Health-Care Feud Intensifies
By: Wall Street Journal
Defining What Is ‘Poor’
By SARAH LUECK and JOHN D. MCKINNON
October 18, 2007
WASHINGTON — Antagonists in the debate over government health coverage for poor children are staking out increasingly incompatible positions, firing a debate that is set to play a big role in the 2008 election season.
Democrats in Congress, along with some Republicans, have been pushing to expand the State Children’s Health Insurance Program to encompass nearly four million more children, most of whom are eligible but not enrolled. President Bush has vetoed the bill, and a veto-override attempt in the House today was expected to fail.
Supporters plan to bring the bill back again and say they are considering only minor changes to address criticisms raised by opponents. Their hope is that changes to certain elements — such as states’ ability to offer programs to people at higher income levels — might produce enough support to beat Mr. Bush’s veto in the House or pressure him to sign a bill. In the Senate, support for the bill is already sufficient to override a veto.
Some leading Republican lawmakers, by contrast, are gathering support for a new alternative after largely playing an opposition role: tax credits to help lower-income people buy private-sector health coverage.
Most Republicans view the Democrats’ plan as an expensive, unwanted increase in the government’s role in providing health-care coverage. Administration officials have said the current bill would allow states to cover children and parents at income levels that are too high. Mr. Bush, speaking at a news conference yesterday, repeated that his administration is willing to negotiate with lawmakers, but administration aides made it clear they don’t want to expand the program beyond its current limits.
The emerging Republican alternative, which has been shaped in part by the White House but has little traction in Congress, seems intended to give the party’s candidates much-needed cover for the 2008 election campaign, where polls already suggest health care will be a crucial domestic issue. Schip is intended to help cover working-class children whose households earn too much to qualify for Medicaid but who typically have trouble getting private-sector insurance at work.
“You can’t fight something with nothing,” said Gail Wilensky, a former top health-care aide to the first President Bush in the early 1990s. “They [Republicans] need to get serious” about offering an alternative, Ms. Wilensky added.
Today, Sen. Mel Martinez of Florida, the chairman of the Republican Party and a close ally of President Bush, is expected to embrace the tax-credit idea in a Schip bill put together with White House input. The measure would add $11.5 billion in new funds to the program, compared with $35 billion over five years in the current bill, and would include a $1,400 tax credit per child for families making too much to qualify. Republicans are working on a package of proposals to offset its costs.
Supporters of the original legislation say their best chance lies in enticing House Republicans. One major flashpoint has been a request from New York to cover children in families up to 400% the poverty level, or about $83,000 for a family of four, which was rejected by the Bush administration but that some Republicans fear would be approved in the future. One possible change to the bill under consideration would limit states’ ability to cover kids above 300% the poverty level.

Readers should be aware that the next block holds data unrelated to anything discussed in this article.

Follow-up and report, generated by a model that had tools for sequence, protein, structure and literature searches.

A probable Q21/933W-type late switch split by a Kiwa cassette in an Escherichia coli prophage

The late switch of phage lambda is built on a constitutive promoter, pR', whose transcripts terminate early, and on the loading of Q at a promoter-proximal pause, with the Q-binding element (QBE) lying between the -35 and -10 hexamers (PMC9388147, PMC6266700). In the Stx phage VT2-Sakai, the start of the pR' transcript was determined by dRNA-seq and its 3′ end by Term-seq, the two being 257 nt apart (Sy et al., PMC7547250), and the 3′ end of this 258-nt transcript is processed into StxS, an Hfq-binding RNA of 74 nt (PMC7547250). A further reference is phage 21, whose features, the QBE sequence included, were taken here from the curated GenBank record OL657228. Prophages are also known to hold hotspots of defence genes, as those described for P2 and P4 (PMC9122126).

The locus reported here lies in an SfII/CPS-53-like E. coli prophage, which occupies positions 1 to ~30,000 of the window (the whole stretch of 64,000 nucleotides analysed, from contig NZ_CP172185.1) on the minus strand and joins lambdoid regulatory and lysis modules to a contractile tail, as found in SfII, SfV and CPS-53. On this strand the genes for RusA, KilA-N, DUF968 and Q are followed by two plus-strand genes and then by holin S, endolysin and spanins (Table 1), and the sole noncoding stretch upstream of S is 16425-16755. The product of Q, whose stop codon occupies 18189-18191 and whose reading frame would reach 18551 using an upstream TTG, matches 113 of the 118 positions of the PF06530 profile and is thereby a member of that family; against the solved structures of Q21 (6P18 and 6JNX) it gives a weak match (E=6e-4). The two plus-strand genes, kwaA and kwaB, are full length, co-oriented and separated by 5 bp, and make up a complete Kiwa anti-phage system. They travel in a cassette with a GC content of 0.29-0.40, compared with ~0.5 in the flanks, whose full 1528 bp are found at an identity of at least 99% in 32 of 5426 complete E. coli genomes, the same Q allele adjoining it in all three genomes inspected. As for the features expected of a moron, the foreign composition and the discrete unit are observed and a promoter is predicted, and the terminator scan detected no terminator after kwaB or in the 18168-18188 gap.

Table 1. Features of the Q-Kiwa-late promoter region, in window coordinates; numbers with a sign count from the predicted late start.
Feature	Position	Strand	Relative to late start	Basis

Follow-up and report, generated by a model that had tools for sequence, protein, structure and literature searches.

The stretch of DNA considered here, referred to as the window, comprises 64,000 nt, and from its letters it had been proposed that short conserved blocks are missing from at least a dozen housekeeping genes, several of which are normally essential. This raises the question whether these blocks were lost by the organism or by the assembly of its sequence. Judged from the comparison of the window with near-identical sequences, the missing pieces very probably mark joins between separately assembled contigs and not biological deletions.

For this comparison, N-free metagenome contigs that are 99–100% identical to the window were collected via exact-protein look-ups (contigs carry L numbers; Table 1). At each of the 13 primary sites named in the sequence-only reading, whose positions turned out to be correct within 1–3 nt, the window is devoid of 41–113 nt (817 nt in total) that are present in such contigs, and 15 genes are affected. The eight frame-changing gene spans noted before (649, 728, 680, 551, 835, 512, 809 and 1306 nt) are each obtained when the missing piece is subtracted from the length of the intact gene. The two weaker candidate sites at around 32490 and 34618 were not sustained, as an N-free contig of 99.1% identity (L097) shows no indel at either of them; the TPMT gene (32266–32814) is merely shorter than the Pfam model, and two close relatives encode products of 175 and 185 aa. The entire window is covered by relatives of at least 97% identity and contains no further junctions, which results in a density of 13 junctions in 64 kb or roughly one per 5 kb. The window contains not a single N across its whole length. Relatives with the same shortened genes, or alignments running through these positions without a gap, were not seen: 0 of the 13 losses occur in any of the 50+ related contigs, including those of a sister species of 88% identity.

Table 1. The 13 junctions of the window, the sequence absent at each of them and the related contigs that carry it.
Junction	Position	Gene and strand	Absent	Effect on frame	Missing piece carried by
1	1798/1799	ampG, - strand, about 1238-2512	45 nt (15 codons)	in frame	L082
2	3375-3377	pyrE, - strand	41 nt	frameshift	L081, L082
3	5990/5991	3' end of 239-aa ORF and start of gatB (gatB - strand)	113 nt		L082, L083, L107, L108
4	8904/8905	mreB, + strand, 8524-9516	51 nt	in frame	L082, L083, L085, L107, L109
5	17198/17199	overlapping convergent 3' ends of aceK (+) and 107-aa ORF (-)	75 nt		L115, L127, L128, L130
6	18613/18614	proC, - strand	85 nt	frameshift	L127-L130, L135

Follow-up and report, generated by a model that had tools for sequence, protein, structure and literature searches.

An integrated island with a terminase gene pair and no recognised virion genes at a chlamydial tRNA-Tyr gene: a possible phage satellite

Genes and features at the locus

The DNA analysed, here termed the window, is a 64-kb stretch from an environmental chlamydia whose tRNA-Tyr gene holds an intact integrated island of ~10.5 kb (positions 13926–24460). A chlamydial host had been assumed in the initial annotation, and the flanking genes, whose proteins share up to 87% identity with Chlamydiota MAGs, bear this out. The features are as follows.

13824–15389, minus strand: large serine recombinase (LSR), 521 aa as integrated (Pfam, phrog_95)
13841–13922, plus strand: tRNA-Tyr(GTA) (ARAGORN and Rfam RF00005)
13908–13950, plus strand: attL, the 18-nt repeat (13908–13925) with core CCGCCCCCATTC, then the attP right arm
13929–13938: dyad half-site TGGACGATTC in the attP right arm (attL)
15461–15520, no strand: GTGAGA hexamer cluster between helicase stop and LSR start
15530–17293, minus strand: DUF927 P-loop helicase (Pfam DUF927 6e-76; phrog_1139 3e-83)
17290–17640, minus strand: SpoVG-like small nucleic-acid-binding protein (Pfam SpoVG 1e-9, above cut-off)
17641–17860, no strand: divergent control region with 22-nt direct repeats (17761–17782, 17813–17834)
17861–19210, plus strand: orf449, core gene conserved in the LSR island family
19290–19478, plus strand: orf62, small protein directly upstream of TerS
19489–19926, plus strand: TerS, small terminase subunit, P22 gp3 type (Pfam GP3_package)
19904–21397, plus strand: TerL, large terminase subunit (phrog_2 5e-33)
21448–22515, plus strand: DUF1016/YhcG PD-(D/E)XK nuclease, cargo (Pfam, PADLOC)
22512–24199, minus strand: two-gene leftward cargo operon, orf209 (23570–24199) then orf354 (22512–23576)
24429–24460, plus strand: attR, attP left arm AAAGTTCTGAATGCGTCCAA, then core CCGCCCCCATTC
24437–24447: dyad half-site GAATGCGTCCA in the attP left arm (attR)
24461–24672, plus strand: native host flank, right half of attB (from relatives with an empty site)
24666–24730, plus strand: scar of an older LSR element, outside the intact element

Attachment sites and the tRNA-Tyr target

Other changes that might spur Republican support include tightening language preventing illegal immigrants from gaining coverage and beefing up a provision that lets states contribute CHIP money toward the cost of certain private employer-sponsored insurance. The bill doesn’t permit illegal immigrants to be covered in CHIP, but many critics say the requirements for documenting citizenship are too loose.
Democratic leaders aren’t inclined to bend on funding or the number of children covered, especially because they have significant Republican support in the Senate. “How in the world do they think we got where we are?” said Senate Majority Leader Harry Reid (D., Nev.) on Tuesday. “We have compromised and compromised and compromised.”
It is unclear how many more Republicans will ultimately break with Mr. Bush. About 20 are under heavy pressure to override the veto. Liberal political advocacy group MoveOn.org has promised to run more ads targeting Republicans who vote the other way. The ads feature a young recipient named Bethany holding a sign that says “Don’t veto me.”
Some conservatives say they won’t budge, and that the fight with Democrats will help them reclaim the Republican “brand” of fiscal conservatism. Republicans have also endeavored to turn the program into an ideological battle contrasting their private-market approach with the Democrats’ reliance on government.
“Some of us would like to elongate the debate,” said Rep. Tom Feeney, a Florida Republican who is backing a House version of the Martinez bill. He said people in his district “are thanking me for sticking to the principles of fiscal responsibility and for fighting benefits for illegal immigrants. …We would like to be debating this until March or November of next year.”
Write to Sarah Lueck at email@example.com and John D. McKinnon at firstname.lastname@example.org
* Content From the Wall Street Journal supplied by Elva Ramirez:
200 Liberty Street, 12th Floor
NY NY 10281
212. 416. 4260